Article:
Douglas County School System staff recently pledged and donated $21,000 to the Public Education Trust (PET) through the Second Annual Building a Firm Foundation staff fundraising campaign. PET is the not-for-profit organization that serves the school system.

"School system staff frequently do far more than the requirements of the job, but giving back financially takes their efforts to an even greater level," said Douglas County Schools Superintendent Trent North. "Daily I learn more about the Douglas County community, school system, and staff. Through the Second Annual Building a Firm Foundation campaign, I have learned a lot about our staff."

Gifts to PET support Classroom Impact Grants for teachers; scholarships for graduating seniors; Counselor and Teacher of the Year honorariums; and various other programs and projects. This past year, PET returned $65,900 to teachers and students in the school system.

According to PET Board Chair Jerry Hall, "PET asks for donations from local businesses, individuals inside and outside the school system, and regional foundations. With each call we make asking for donations, we will share the results of this campaign. The support from within our own ranks gives us much greater credibility as we ask for donations from the community and beyond."

Both North and Hall expressed great appreciation to the campaign donors and volunteers.

"I am personally grateful to the staff who have contributed to the BFF campaign," said North. "I offer an extra special thank you to those who increased their gift amounts this year over last year. Giving is impressive, but increasing gifts is even more impressive. I am indeed learning a lot about our committed, conscientious, and concerned staff."

Each school and department selected volunteers who personally called on their peers asking for support.

"The Building a Firm Foundation campaign would not be nearly as successful without dedicated campaign volunteers from within our staff. To each of our volunteers, thank you for serving and reaching out to your colleagues," North said.

Many of the donations received will fund Classroom Impact Grants. Through Impact Grants awarded on a competitive basis to teachers across all grade levels, PET makes it possible to offer programs, projects, equipment, and enrichment opportunities that are not available through state or district funding. Impact Grants are for projects that are an integral part of the learning process and promote creative and innovative ideas in and out of the classroom.

A specific goal of PET's Impact Grant program is to make sure all students are reached because education is not "one size fits all." Teachers know better than anyone else how to reach their students. Awarding Impact Grants to teachers for use in their classrooms and grade levels is a great way to reach students who otherwise may not be able to achieve minimum goals. Success is when students with challenges keep up and hopefully move ahead, and the brightest students remain stimulated, all in a fun, interactive learning environment.

One of PET's recent Impact Grants allowed the Special Education Team at Mason Creek Middle School to create a sensory space for students with various disabilities, including autism. According to the application, students with autism and other similar challenges "often lack the ability to visualize and stimulate relaxation in their brains and bodies. A sensory space creates an environment for students to explore and gain these skills."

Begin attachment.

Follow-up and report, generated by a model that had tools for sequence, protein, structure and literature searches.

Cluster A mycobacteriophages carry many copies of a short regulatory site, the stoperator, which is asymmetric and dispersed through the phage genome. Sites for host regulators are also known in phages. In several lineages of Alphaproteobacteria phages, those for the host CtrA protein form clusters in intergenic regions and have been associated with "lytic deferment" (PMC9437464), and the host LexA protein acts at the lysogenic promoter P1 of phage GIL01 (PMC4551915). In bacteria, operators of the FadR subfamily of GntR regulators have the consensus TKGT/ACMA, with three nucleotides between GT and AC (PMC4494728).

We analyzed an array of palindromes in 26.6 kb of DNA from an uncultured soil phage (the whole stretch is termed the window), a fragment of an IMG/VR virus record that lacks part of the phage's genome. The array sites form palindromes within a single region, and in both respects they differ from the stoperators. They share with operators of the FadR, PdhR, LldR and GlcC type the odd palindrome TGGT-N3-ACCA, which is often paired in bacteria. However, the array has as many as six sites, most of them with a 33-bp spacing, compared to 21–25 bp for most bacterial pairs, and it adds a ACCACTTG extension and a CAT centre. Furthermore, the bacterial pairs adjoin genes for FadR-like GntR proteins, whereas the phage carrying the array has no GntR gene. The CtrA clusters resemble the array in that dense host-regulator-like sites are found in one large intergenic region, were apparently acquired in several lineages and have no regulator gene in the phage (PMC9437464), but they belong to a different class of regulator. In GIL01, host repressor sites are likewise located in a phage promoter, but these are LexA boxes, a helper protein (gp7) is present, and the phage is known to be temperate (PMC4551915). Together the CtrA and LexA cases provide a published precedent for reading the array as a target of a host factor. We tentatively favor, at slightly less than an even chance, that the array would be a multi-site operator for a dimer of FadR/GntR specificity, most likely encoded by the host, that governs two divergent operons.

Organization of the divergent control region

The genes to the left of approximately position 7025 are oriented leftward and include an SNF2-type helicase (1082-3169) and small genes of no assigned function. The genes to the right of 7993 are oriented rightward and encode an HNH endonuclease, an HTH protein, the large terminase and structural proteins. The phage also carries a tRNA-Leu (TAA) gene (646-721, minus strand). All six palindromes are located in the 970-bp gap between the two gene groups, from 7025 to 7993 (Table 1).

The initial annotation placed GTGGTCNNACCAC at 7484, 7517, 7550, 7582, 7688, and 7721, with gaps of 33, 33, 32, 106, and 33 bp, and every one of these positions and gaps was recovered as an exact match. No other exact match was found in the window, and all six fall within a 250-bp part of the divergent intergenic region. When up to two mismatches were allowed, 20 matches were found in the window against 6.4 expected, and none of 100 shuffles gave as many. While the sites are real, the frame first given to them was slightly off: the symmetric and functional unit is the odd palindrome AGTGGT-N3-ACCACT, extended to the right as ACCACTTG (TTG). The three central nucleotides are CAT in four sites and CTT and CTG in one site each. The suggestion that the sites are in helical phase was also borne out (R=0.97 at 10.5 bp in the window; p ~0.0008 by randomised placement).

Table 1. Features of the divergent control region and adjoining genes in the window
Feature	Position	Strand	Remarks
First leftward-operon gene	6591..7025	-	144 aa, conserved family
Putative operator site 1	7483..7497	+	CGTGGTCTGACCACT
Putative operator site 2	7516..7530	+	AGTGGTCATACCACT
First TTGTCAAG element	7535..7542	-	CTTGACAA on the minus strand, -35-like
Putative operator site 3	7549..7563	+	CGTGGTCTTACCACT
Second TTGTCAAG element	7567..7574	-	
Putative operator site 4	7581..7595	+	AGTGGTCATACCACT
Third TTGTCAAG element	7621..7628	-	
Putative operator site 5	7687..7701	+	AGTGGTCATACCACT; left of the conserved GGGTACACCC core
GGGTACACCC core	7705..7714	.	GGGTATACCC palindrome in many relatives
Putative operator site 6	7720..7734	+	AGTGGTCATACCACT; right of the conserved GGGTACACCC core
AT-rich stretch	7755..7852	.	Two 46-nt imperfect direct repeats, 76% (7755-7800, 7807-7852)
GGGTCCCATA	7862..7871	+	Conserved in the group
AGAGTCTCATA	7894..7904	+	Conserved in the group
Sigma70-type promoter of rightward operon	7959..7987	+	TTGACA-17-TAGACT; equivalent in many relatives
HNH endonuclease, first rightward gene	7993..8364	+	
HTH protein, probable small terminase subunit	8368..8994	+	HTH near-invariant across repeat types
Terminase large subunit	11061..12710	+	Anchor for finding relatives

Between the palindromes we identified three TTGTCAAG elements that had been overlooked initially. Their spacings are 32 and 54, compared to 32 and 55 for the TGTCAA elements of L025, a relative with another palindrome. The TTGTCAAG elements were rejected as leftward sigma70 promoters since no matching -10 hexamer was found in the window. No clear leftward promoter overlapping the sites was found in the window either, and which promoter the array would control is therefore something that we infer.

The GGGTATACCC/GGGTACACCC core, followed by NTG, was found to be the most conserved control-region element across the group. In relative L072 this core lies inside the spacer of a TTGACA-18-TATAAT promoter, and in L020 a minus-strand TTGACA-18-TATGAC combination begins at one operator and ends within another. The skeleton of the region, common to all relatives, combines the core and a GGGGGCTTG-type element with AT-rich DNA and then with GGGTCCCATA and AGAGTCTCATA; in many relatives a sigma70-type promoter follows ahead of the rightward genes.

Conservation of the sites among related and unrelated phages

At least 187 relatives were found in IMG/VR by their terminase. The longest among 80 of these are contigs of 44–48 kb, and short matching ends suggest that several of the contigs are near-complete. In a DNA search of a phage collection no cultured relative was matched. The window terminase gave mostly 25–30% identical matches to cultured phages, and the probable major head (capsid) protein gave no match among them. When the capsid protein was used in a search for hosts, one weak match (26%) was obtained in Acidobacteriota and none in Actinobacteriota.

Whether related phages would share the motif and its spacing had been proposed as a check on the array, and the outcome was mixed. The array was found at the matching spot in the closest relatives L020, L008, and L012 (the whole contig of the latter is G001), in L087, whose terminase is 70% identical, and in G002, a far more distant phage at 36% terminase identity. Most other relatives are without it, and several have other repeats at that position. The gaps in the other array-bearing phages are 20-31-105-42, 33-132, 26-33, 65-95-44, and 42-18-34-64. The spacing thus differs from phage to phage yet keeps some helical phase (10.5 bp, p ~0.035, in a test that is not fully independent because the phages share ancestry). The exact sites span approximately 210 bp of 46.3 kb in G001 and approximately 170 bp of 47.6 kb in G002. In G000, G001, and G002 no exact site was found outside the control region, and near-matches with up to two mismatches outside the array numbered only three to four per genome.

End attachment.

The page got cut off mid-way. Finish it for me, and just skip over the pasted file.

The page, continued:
"A huge thank you to everyone who supports PET." said Adam Bailey, MCMS Special Education Teacher. "We would not have our exploration room without it. The kids have enjoyed the experience since day one."

Becky Sparling, a third grade teacher at Chapel Hill Elementary School, was particularly concerned about students experiencing summer slide, a term used to describe either the lack of growth or actual regression in students' reading and math abilities due to not reading or practicing math over the summer months. She and her teaching team chose to address the reading portion of this problem by asking PET for funds to build Little Free Libraries in select neighborhoods in the school district.

Using the honor system, students and their families select and return (and sometimes keep and sometimes add) Little Free Library books anytime day or night! PET has also funded a Little Free Library at Lithia Springs Elementary School.

These two Impact Grants are part of 42 awarded last year to DCSS teachers and implemented this year across all grade levels. Over 11,000 students are being reached this year through PET-sponsored Impact Grants.

PET's $65,900 in recent grants to teachers and students can be specifically defined as follows: $30,000 in scholarships to high school graduates from the Class of 2017; $28,500 in Impact Grants; $3,400 in honorariums to Teachers of the Year; $1,700 to DCSS Road Runners' Programs; $1,000 to sponsor the Emma Legare Jordan Counselors of the Year Program; and a $500 sponsorship of Puttin' on the Pritz, a fine arts fundraiser and retirement recognition for former Superintendent Dr. Gordon Pritz.

Founded in 1993, PET will celebrate its 25th Anniversary next year. PET has awarded well over $400,000 to DCSS students and teachers through the years.

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